4.3.6.Additional benefits of nanoparticle inks
4.3.7.Price competitiveness of silver nanoparticles
4.3.8.Ag nanoparticle inks: Do they really cure fast and at lower temperatures?
4.3.9.Benchmarking parameters for silver nanoparticle production methods
4.3.10.Comparing silver nanoparticle production methods (I)
4.3.11.Comparing silver nanoparticle production methods (II)
4.3.12.Multiple application opportunities for nanoparticle inks
4.3.13.Overview of selected nanoparticle ink manufacturers
4.3.14.Comparing properties of nanoparticle-based silver inks
4.3.15.SWOT analysis: Nanoparticle inks
4.3.16.Nanoparticle-based silver inks: Conclusions
4.4.Particle-free inks
4.4.1.Introduction to particle-free (molecular) inks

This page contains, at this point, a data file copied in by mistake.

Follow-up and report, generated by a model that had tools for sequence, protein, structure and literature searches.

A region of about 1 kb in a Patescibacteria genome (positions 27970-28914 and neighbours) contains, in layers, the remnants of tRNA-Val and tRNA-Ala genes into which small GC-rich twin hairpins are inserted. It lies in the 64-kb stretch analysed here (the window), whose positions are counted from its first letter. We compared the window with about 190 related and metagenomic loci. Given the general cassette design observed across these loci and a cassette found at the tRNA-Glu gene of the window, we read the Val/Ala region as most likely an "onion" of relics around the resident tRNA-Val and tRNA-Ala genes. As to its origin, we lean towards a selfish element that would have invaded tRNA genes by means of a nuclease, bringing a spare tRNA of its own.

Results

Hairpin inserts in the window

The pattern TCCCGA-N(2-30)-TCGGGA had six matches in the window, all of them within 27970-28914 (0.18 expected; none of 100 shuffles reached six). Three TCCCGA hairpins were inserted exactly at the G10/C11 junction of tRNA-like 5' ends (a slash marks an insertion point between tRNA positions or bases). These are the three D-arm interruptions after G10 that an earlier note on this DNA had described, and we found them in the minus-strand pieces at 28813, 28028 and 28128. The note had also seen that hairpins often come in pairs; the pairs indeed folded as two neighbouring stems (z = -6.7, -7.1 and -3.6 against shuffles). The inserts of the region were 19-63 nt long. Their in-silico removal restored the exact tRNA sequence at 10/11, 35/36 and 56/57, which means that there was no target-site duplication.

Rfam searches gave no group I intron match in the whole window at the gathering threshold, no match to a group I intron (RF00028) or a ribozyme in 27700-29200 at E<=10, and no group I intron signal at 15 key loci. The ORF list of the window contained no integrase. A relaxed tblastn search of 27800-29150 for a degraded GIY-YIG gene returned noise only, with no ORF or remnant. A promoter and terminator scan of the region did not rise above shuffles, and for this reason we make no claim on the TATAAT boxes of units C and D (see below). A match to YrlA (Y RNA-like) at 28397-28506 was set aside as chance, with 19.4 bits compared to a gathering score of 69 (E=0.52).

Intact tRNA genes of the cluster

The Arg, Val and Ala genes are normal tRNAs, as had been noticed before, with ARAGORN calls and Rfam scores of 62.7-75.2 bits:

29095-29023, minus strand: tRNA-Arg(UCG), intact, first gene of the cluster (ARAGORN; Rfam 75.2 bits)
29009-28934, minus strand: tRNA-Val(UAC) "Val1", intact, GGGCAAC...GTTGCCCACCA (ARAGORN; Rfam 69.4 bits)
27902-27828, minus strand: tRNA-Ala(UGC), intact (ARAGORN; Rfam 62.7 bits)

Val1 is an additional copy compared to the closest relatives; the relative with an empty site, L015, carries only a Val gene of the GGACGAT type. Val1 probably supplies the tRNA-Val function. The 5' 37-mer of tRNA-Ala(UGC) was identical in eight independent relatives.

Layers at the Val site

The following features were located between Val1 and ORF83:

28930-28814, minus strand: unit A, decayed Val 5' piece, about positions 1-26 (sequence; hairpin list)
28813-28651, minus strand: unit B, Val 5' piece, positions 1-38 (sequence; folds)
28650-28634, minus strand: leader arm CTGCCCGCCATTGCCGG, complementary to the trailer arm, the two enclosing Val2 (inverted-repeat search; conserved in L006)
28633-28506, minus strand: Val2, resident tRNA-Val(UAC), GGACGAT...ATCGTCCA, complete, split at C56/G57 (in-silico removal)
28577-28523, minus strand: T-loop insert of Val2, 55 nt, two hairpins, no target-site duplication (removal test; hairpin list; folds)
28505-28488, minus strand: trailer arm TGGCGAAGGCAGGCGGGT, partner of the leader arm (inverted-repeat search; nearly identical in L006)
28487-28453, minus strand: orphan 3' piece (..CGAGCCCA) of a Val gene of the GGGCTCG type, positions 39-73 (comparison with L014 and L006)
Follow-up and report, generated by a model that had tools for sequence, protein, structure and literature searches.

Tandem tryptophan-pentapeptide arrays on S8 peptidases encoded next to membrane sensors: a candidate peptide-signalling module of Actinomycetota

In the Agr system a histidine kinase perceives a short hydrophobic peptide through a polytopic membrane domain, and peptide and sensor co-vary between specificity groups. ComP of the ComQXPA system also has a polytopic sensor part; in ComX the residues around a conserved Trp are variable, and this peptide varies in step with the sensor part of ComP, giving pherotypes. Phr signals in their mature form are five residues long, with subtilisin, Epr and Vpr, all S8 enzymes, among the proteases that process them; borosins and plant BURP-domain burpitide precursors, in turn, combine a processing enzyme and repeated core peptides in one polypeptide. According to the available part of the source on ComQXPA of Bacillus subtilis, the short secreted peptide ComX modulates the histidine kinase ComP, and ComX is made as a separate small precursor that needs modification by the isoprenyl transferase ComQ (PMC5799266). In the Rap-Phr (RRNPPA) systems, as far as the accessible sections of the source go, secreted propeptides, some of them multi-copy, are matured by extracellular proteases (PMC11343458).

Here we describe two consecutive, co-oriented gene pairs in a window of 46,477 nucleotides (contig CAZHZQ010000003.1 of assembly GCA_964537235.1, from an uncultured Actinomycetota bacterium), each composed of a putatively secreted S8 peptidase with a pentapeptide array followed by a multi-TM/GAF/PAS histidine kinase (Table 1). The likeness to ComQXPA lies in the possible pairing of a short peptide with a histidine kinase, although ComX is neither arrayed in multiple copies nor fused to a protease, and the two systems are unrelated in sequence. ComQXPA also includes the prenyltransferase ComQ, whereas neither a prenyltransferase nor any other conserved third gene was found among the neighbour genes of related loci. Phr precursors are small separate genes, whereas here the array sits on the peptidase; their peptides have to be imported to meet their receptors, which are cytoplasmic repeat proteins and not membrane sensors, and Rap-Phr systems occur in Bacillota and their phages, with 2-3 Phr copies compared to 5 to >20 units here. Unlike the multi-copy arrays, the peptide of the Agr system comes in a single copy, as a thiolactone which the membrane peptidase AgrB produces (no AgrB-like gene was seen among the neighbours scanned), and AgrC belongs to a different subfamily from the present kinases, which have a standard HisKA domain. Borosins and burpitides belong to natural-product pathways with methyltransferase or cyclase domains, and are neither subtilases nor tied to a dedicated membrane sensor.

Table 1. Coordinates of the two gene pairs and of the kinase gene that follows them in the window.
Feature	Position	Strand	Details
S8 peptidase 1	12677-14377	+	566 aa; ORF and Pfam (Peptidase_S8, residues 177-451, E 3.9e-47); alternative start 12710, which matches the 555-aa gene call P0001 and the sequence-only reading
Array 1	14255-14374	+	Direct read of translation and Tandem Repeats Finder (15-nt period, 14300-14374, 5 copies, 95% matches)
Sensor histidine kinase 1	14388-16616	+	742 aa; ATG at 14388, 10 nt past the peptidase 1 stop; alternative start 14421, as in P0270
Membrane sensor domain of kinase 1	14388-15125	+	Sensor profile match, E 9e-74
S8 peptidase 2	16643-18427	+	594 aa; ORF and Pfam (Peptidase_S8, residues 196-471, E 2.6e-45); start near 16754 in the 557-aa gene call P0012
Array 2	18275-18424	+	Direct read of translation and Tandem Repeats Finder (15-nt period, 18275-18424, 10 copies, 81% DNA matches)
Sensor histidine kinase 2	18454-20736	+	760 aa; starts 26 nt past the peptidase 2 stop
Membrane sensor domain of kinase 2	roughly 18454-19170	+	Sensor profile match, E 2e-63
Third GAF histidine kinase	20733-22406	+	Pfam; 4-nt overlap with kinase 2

4.4.2.Operating principle of particle-free inks
4.4.3.Conductivity close to bulk metals
4.4.4.Benefits of particle-free inks
4.4.5.Permeability of particle-free inks enables conductive textiles
4.4.6.Thermoformable particle-free inks for in-mold electronics
4.4.7.Application opportunities for particle free inks
4.4.8.Particle-free inks adopted for EMI shielding
4.4.9.Value propositions of particle-free inks
4.4.10.Particle-free conductive inks for different metals
4.4.11.Differentiating particle-free conductive inks with sintering requirements
4.4.12.Overview of particle free ink manufacturers
4.4.13.Comparing properties of particle-free silver inks
4.4.14.SWOT analysis: Particle-free conductive inks
4.4.15.Particle-free conductive inks: Conclusions
4.5.Copper inks
4.5.1.Introduction to copper inks
4.5.2.Challenges in developing copper inks
4.5.3.Differentiating particle-free conductive inks with sintering requirements
4.5.4.Commercially unsuccessful strategies to avoid copper oxidation
4.5.5.Strategies to avoid copper oxidation: Reducing agent additives
4.5.6.Strategies to avoid copper oxidation: Photonic sintering
4.5.7.Growing interest in utilizing copper ink for FHE (I)
4.5.8.Growing interest in utilizing copper ink for FHE (II)
4.5.9.Screen printing RFID copper inks